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On public schools: evangelism is not discipleship

A few years ago, at a Ligonier Conference, Pastor Voddie Baucham was asked what he would say to parents who were weighing the option of homeschooling or Christian schooling over against using the public schools. The hope was, in using the public system, that their children’s Christian faith would be a “witness and influence” in this unbelieving culture.

Baucham’s response was profound.

“I think they’re making a categorical error….All of a sudden we went from a discussion about education, which is discipleship, to a discussion about evangelism in spite of negative discipleship. And so, we’ve got two completely separate categories there…. So what we’ve got do is, we’ve got to talk about those things properly.”

He went on to explain:

“When somebody asks me that question that way, they’re telling me that they don’t want to answer the most important question. And they’ve created a false argument between two separate categories that are being held up in competition against one another when they are absolutely not. Because, if they ask me, ‘Should I give my child a Christ-honoring education’ or ‘Should I have my child be an influence on people who are unbelievers” – Yes! Why do we assume that the only way a child can have an impact and influence on unbelievers is if they give up on a Christ-honoring, Christ-centered education? So, I think there’s a categorical error in the question.”

The impact starts so young

As a public school substitute teacher in the Detroit, Michigan area, I have worked in more than 30 schools. While I have been impressed with the teachers’ and staff’s dedication, I find constant reminders that the children are in no way learning about God or Jesus Christ. He has been replaced by Nature in Science class, ignored in Mathematics, barely noticed in History and Literature, and severely criticized in Psychology and Sociology.

Recently I was teaching a lovable group of Kindergarteners about the symbols of the USA: the flag, the eagle, and the Statue of Liberty. I defined freedom for them, mentioning that in our country everyone can pray to God the way that we want to, get the type of job we prefer, and travel where we want to without the government telling us that we cannot.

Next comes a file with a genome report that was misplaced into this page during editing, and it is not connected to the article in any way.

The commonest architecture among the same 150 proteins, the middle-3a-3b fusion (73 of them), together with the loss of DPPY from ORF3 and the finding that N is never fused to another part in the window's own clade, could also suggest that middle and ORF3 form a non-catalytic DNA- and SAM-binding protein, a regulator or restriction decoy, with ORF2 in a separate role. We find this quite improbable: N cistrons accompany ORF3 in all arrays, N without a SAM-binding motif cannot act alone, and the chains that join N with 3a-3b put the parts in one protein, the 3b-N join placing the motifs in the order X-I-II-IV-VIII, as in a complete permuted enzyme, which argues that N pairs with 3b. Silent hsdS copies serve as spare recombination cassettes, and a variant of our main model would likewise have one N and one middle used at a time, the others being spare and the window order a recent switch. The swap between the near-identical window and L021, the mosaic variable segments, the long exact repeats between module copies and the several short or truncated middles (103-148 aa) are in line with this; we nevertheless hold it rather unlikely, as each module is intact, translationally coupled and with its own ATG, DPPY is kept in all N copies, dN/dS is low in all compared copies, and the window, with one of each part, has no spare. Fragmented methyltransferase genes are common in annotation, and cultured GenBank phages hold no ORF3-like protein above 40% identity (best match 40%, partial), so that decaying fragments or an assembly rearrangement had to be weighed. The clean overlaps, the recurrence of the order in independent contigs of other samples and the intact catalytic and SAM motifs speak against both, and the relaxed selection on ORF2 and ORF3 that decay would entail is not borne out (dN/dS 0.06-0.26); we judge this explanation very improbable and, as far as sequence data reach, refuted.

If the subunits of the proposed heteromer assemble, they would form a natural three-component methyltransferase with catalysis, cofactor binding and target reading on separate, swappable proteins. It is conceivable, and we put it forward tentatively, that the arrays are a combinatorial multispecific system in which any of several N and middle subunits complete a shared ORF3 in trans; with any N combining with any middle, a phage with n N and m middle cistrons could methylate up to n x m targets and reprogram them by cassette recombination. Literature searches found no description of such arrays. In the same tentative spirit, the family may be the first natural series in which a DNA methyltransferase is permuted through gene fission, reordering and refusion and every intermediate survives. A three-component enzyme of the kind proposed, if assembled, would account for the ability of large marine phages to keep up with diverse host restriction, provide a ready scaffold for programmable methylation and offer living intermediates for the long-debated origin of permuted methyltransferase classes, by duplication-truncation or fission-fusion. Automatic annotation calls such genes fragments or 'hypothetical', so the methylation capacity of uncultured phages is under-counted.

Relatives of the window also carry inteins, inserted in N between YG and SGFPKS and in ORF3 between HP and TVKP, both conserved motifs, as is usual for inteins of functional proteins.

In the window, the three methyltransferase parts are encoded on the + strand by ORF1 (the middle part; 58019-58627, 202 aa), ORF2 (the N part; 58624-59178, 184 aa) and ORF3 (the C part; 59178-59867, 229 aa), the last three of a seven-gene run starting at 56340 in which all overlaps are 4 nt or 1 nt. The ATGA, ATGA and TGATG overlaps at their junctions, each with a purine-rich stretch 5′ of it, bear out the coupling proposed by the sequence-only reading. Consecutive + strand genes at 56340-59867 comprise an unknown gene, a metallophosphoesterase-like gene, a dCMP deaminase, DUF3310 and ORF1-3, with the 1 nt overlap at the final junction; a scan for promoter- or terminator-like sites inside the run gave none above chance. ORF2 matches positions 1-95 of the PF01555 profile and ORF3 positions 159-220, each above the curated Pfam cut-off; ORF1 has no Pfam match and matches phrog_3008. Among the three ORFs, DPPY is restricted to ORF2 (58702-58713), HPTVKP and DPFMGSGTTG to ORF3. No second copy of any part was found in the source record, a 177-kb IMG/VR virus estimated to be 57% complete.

A sweet, smiling, dark-haired girl raised her little hand, eager to add info to my list. She said, “And in the United States, when you grow up, if you’re a boy, you can marry a girl or a boy, and if you’re a girl, you can marry a boy or a girl! In some places you can’t do that, but in the United States we can marry who we want to.”

She was quite excited.

I was stunned.

Factually, she was correct, so there was nothing I could say in that setting. I changed the subject and moved on. But I shouldn’t have been shocked. The public schools, colleges, and universities follow the current cultural norm wherever it leads, and that, without question, includes teaching kids that 2 Moms or 2 Dads is entirely normal, even desirable. By the time this 5-year-old is 18, she won’t have any room left in her “open” mind to think anything else.

Conclusion

At the same Ligonier Conference, R.C. Sproul added his own thoughts to Voddie Baucham’s, speaking to the economic cost of Christian school tuition: “The biggest illusion is that sending your kids to the government school is free. It’s the most costly thing you could ever do.”

While we are still free to do so, we need to renew our dedication to Christ-centered, Christ-honoring education, whether inside a brick and mortar building or as a consortium of homeschoolers who aid one another. How might we all sacrifice more to ensure that all of our children will learn His truth?